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The MOST Theological Collection: Vatican II: Marian Council

"Chapter 15 - Love of lowliness"

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"The Father of Mercies willed that the acceptance of the predestined Mother should come before the Incarnation so that in this way, just as a woman contributed to death so also a woman should contribute to life."1 Vatican II thus describes the day of the Annunciation. Mary was2 "not just employed by God in a passive way, but ... she cooperated in human salvation by free faith and obedience." In spite of the doubts of some modern theologians, she must have known at least something of that to which she was consenting. Otherwise she would be largely passive, not free. But even if we were to accept the view3 that she knew only that He was to be the promised Messiah, without knowing of His Divinity, we still must stand amazed at this: Why did she not run quickly to the Jewish priests and exultantly tell them: "I feel it my duty to report to you that the one whom the prophets have so long foretold is now at hand. An Archangel appeared to me. I have conceived without the intervention of man. The Messiah is to be my son."

Of course, she did nothing of the kind. She did not even reveal her great secret to St. Joseph, she did not even speak to defend herself against the otherwise very plausible charge of adultery.

The later events of her life are of the same tone. She never sought for, never gained recognition for herself. When her Son was triumphantly offered Kingship by the crowds, there is no mention of her. But she did step forth from the shadows of modest retirement into the deep blackness of Calvary, after the Apostles, the sharers in His acclaim, had fled. She willingly took part in His disgrace, His shame, His rejection.

She not only did not seek recognition: she gladly accepted non-recognition, even disgrace. Why?

As we saw in chapter 8, she was accustomed to the darkness of faith, in which she often had to hold to two things that, humanly speaking, seemed impossible. On the one hand, she knew at least something of her own dignity, at least as the Mother of the Messiah. Probably she knew also that she was the Mother of God. Of that surpassing pinnacle Pius XI wrote that it is a4 "dignity second only to God" and he goes on to call it "a sort of infinite dignity, from the infinite good that God is." Yet, simultaneously, she considered and knew that she was nothing.

How reconcile these two things? Theologians love to speculate on such problems, and to dwell on them in a devout way is very profitable. No doubt she whom St. Luke tells us more than once was pondering these things in her heart, did meditate much on the question. Yet she knew too how to accept with magnificent faith that which human minds can understand but imperfectly at best.

St. Paul was later to write some remarkable lines about the nothingness of all creatures. To the Philippians he said:5 "It is God who works in you both the will and the accomplishment." In other words, when you do anything good, recognize that not only the external performance of good, "the accomplishment", but even the interior good decision of the will is God's work, not yours. He expressed it forcefully to the Corinthians:6 "What have you that you have not received? But if you have received" it from God "why brag as if you had not received" it from Him, but instead, had produced the good yourself? St. Augustine wrote of this truth with remarkable vehemence:7 "When God crowns our merits, He crowns His own gifts." Some have thought Augustine exaggerated. But if we realize what St. Paul was saying, that he really did mean that there is no good that we are or have or do that we do not receive from God, then we are forced to confess that our very merits are God's gifts.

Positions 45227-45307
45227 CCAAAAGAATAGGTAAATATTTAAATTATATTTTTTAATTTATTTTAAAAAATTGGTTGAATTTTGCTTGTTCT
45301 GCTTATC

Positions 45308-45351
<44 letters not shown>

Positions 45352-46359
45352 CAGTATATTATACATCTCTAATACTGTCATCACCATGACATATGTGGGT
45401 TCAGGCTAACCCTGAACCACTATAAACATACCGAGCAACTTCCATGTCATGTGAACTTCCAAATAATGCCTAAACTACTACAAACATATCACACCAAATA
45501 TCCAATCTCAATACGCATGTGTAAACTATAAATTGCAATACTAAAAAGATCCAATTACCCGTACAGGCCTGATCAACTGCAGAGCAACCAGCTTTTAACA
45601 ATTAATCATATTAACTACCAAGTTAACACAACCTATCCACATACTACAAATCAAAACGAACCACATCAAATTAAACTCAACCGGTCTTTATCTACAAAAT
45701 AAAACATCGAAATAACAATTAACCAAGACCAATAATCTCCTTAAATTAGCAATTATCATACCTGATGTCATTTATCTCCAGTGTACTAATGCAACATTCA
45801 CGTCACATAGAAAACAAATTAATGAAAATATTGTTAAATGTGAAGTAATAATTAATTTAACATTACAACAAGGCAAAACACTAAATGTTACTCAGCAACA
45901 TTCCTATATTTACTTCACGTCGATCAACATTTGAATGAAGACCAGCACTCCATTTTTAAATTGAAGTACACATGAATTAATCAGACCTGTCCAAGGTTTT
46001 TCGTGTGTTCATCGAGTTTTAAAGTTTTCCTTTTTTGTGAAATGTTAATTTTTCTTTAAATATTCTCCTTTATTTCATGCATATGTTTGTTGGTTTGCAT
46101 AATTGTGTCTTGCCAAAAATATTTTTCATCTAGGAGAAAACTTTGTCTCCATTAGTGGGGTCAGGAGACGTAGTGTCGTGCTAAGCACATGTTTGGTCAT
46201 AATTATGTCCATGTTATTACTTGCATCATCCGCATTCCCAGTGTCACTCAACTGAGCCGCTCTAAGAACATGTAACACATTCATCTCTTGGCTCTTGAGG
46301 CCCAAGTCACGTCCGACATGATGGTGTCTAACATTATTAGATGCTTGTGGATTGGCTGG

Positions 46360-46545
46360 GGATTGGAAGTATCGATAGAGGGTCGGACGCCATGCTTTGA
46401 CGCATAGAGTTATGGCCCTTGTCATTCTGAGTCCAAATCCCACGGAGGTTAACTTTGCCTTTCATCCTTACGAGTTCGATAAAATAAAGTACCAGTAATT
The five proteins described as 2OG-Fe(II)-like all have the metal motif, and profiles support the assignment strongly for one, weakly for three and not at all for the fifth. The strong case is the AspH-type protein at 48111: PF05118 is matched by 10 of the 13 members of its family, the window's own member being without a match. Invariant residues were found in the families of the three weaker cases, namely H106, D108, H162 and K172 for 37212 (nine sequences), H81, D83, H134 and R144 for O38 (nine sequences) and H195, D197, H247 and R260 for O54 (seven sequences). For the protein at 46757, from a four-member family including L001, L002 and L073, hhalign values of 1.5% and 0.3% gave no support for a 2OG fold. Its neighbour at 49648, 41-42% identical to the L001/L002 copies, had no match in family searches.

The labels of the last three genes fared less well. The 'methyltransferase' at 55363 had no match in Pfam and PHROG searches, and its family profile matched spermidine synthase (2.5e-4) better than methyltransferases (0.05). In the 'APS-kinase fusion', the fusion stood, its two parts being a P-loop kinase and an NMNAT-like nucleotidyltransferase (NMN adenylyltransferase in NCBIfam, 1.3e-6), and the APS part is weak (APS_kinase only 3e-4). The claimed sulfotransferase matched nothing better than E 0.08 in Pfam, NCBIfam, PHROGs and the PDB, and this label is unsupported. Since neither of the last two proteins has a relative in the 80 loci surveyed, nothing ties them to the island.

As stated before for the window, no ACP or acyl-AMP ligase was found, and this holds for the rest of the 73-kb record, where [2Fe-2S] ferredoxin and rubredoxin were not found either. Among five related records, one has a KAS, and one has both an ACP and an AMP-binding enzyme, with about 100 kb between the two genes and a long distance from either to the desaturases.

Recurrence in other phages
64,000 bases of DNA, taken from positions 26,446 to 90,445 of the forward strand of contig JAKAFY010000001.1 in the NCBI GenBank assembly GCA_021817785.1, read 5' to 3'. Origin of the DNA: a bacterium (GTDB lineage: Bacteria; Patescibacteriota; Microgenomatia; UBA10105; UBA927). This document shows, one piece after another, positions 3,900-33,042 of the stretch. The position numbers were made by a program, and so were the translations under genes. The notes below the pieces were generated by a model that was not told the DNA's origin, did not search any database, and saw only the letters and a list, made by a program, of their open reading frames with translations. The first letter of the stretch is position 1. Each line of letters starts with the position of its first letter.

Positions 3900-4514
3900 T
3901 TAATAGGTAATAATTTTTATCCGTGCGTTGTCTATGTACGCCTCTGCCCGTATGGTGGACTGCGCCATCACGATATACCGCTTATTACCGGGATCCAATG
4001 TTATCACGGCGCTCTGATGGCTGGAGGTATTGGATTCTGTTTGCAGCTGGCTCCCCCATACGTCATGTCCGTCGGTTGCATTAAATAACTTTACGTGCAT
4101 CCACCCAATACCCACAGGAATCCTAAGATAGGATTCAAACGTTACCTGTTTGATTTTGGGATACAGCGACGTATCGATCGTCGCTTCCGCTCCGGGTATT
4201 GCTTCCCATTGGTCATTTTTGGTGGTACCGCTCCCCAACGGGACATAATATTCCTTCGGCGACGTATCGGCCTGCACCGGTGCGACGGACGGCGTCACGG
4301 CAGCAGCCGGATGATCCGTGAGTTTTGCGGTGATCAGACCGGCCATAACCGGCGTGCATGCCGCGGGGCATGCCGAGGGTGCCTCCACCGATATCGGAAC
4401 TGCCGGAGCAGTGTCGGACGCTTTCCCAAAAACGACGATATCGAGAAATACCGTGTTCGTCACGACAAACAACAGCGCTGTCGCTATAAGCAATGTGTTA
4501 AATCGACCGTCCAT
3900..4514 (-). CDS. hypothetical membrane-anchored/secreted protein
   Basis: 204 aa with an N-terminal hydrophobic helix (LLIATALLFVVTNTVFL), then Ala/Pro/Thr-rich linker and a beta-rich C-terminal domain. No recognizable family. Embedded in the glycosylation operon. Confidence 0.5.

Should we, as it were. move back deeper into the process of doing good, and say: "At least, I got the good idea of doing the good"? But no, St. Paul again confronts us with:8

"We are not sufficient to think anything by ourselves as from ourselves, but our sufficiency is from God." And of course, if we have no good that we have not received: how could we claim even the good thought?9

If we see, then, and deeply realize that no good comes from us, we are reduced to a state of nothingness. And when we add that we not only cannot claim credit for good, but yet do deserve blame for the evil we do, then indeed our self

esteem literally falls below the zero line.

Mary, of course, had no sin, she did not therefore have to charge herself with falling below zero. But not even she, with a "dignity second only to God" could claim to have produced by herself the least good.

What then of the fact that the Church, guided by the Holy Spirit, praise her virtue, extols her dignity? What of the fact that inspired Scripture itself tells us that we are sharers10 in the divine nature by grace? What of the confident words of St. Paul awaiting execution:11 "As for the rest, there is ready for me the crown of righteousness, which the Lord, the just Judge, will give me on that day, not only to me, but to all who have loved His coming"?

We need to realize that there are as it were two levels on which we can speak of ourselves, the fundamental or rock-bottom level, and the secondary level. On the fundamental level, we must speak as we have done, must confess that we have nothing that we have not received. Yet, on the secondary level, what we have received is really ours, what He gives us belongs to us. He will reward us for what we do on the secondary level, with the crown of righteousness. This is really due us, from the "just Judge". We are, then. both wonderful and nothing. How, we cannot fully realize on this side of the great veil. But we can hold both truths, in the darkness of faith. Mary held to both with all her heart. She was glad not to have recognition. She knew that on the second level, she deserved it, and foretold that all generations would call her blessed. On the fundamental level, she knew that she had nothing she had not received, and was pleased at not being recognized.

Her realization of her total dependence on God was most deep, penetrating to the depths of her being. Some persons who seem religious will say to themselves, and to others: "I have done much for God. But I admit that I am nothing. I am the least of His servants." Such a statement can involve a most dangerous self-deception. The Pharisee who scorned the Publican in the Temple began his prayer by. saying:12 ''O God, I give thanks to you that I am not like the rest of men..." He admitted he was doing more than others, and he seemed to attribute it all to God: "I give thanks to you". Yet we know the judgment of the Divine Master who searches hearts: his prayer was rejected as hypocritical, in spite of words that seemed to give all credit, to God. He was, we gather, deceiving himself, telling himself he admitted he was good, but that that was quite all right, as long as he attributed everything to God.